Pools of blue on woodland floor

May's the month to visit a bluebell wood
May's the month to visit a bluebell wood

Written by Heather Elvidge

Trees have lapped up the rain, and are looking their best with bright new leaves. The last ones to leaf are oak and ash, linked in this well-known saying: “Oak before ash, sign of a splash. Ash before oak, sign of a soak.”

While trees don’t have access to the Met Office’s supercomputers, they do respond to conditions. Oaks wait for temperatures to rise before opening their leaf buds; ash trees respond to increasing daylight. Which will be first to leaf in your area?

Before their leaves appear, ashes bear clusters of strange purplish flowers. This year there’s been a good display — from a distance the trees seem to be sprouting black berries. Yet it’s impossible to forget that these magnificent trees are threatened by disease.

After the sprinkling of snowy blackthorn, it’s the cherries’ turn to bloom. Japanese cherries dazzle in towns, where their flamboyant pink ruffles are more than a match for the urban environment. Our native cherry is a woodland tree, whose elegant habit and delicate, dangling flowers have inspired many a poet.

In the woods there are pools of blue. This is the month for bluebells, with their intense violet-blue flowers and heavy, spicy scent.

Our native bluebells have many old names, including culverkeys, fairy bells, jacinth, and auld man’s bell. To enjoy their sight and scent, visit Raincliffe Woods, Scarborough; Stray Head Banks, Whitby; Bridestones Moor, Pickering; Nut Wood and Wauldby Scrogs, Cottingham.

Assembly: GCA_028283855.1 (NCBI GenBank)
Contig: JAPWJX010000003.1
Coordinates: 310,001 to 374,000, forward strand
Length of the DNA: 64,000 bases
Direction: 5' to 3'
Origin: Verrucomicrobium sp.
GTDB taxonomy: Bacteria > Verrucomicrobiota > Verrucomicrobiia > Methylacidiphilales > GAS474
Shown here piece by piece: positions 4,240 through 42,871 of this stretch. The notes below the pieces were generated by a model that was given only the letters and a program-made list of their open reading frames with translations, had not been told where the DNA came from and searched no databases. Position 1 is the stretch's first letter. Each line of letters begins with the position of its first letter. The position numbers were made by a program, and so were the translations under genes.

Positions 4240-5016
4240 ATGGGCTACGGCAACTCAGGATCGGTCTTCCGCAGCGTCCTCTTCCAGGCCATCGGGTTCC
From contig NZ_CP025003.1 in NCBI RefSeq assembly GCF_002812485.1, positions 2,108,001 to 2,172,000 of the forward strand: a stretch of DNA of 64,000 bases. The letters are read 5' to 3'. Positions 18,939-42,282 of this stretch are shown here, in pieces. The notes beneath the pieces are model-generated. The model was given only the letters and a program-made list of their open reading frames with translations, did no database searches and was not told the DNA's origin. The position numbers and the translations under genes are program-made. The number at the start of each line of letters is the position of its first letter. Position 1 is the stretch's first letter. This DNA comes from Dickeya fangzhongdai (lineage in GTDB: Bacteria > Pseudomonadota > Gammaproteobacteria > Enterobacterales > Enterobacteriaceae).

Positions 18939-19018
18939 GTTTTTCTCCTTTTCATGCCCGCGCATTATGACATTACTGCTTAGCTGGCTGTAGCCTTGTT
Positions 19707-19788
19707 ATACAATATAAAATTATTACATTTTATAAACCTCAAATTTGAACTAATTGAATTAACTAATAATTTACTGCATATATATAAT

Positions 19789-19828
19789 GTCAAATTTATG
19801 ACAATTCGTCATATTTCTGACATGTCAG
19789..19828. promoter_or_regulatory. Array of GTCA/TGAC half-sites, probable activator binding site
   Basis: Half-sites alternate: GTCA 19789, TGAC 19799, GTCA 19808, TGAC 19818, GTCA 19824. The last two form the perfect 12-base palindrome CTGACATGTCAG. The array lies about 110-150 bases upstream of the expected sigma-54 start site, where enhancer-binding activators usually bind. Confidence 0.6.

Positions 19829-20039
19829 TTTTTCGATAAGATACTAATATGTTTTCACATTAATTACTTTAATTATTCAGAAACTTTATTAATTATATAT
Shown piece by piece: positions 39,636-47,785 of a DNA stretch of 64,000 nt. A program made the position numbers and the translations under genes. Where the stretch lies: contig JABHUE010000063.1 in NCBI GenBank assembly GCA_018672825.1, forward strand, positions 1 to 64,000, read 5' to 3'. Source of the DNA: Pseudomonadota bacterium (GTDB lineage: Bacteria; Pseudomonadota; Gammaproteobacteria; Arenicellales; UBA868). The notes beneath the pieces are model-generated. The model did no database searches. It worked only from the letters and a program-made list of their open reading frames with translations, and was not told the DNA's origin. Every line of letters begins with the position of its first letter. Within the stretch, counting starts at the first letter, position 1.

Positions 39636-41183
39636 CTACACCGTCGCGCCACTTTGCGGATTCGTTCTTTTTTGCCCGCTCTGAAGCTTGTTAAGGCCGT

Bluebells are a sign of ancient woodland and a protected species, so please don’t crush their leaves or pick the flowers.

Cuckoo tales

It’s good to see swallows back at last, swooping low over ponds and pasture to scoop up insects on the wing. They always return to the area where they were born, if possible to the same barn or outhouse.

Breeding is well under way for our birds, though they take care to hide the location of their nests. Grey squirrels, cats and rats will take eggs or young, but so will other birds such as crows and magpies.

Reed warblers, meadow pipits and dunnocks face a special threat — the cuckoos have returned. Female cuckoos search out the nests of those species, and lay one egg in each. The young cuckoo hatches first and disposes of the other eggs by pushing them over the side.

As the hosts are small and the cuckoo is the size of a collared dove, the foster parents face an increasing struggle to find enough food for their huge chick. But it’s not all one sided. The cuckoo’s migrant life is hazardous, and its numbers continue to decline.

Cuckoos used to be the heralds of summer. Their arrival was celebrated with cuckoo fairs, cuckoo ale and outbursts of a thirteenth-century song, “Sumer is icumen in, loude sing cuckoo”.

We know that cuckoos spend the winter in sub-Saharan Africa, but in the past the bird’s sudden appearance was a mystery. People said that they turned into a hawk, hid in the faery hills or spent the winter hibernating in hollow logs.

According to tradition, the cuckoo sings while the Pleiades constellation is in the sky; that’s until Midsummer’s Day or thereabouts. And the birds won’t leave until they’ve had a meal of cherries.